• The Moscow School District began a $2.1 million renovation of the Field House at Moscow Middle School in early March. Last May, voters approved a $10.8 million bond for renovations throughout the school district. The project includes two new varsity locker rooms, renovation of the wrestling and weight training rooms, and changes to the entrance and parking areas. Renovations should be completed by November.
  • The Idaho State Board of Education approved $212,000 to design and plan the new president’s residence on the Moscow campus. These expenses, as well as the cost of demolition of the current house, will be paid from university funds. Private money from the UI Foundation will cover construction costs, expected to be around $1 million.

Nez Perce and Asotin Counties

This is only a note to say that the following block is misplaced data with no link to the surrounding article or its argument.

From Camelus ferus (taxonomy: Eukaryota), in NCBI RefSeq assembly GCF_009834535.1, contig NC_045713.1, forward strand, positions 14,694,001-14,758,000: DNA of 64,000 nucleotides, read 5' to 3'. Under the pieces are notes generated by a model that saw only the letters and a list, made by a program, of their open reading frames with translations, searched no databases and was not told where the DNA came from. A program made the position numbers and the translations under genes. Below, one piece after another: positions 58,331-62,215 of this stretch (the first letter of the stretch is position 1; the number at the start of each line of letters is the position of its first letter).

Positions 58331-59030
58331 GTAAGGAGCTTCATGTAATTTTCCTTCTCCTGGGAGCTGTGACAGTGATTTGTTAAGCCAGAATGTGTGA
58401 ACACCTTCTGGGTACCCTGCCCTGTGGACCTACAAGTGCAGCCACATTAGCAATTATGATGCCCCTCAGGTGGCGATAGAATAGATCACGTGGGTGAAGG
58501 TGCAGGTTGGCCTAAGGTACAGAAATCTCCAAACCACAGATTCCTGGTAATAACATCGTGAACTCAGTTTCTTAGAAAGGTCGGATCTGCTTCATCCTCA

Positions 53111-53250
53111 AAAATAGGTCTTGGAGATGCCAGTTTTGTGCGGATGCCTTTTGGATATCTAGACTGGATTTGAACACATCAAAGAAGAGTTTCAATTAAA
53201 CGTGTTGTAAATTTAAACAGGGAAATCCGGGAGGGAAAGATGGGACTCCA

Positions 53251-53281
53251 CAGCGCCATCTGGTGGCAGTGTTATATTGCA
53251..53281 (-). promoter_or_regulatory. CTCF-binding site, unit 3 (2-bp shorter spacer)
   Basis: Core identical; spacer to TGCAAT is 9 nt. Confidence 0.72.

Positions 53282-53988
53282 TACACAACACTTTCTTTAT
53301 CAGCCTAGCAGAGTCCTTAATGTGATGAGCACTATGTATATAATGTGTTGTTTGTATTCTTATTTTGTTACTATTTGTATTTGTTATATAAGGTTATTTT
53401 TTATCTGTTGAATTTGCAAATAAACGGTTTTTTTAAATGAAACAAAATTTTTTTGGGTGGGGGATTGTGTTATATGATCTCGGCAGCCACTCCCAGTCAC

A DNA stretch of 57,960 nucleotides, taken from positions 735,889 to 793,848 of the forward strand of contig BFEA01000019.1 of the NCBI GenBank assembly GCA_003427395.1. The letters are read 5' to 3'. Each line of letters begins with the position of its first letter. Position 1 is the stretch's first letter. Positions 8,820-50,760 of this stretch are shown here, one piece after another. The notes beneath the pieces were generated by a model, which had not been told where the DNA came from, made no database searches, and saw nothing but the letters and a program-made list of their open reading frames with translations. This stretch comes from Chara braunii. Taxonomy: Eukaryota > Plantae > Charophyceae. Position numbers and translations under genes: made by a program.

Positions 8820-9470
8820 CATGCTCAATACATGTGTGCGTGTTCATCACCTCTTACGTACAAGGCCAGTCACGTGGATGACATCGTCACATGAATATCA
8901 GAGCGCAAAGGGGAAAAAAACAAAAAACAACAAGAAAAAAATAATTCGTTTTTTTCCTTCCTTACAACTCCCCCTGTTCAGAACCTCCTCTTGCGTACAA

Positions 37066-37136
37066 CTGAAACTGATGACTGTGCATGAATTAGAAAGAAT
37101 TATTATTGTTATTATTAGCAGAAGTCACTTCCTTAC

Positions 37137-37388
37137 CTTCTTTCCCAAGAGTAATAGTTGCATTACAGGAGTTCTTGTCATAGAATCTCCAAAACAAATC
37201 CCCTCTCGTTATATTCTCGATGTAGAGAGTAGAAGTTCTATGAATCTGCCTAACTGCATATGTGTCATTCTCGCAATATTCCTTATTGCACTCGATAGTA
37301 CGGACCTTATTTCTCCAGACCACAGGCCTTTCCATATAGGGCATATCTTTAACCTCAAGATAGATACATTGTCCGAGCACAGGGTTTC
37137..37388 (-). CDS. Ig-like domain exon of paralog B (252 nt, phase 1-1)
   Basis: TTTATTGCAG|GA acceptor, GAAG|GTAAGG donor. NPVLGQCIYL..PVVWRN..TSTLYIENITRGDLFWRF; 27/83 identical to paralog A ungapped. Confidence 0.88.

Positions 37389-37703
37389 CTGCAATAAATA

• Lewiston is critical to Clearwater Paper’s future, the company’s President and Chief Executive Officer Linda K. Massman told a crowd at the annual Lincoln Day Dinner in early February. Its commitment is reflected in the $21 million in capital improvements the company made last year at the Lewiston complex and the $26 million it plans to make this year. Recent federal expenditures on barging facilities on the Columbia and Snake rivers will ensure a steady stream of low-cost raw materials for papermaking. Workers express their commitment through longevity as well as high productivity. The average worker at the complex has 17 years of service. The company had its best safety record ever in 2013, with an incident rate less than half of the industry average. Clearwater Paper announced in February that it will close its tissue converting and distribution plant in Long Island, N.Y., later this year, putting 155 people out of work. After the Long Island closure, the company will employ about 3,850 nationwide including 1,370 in Lewiston.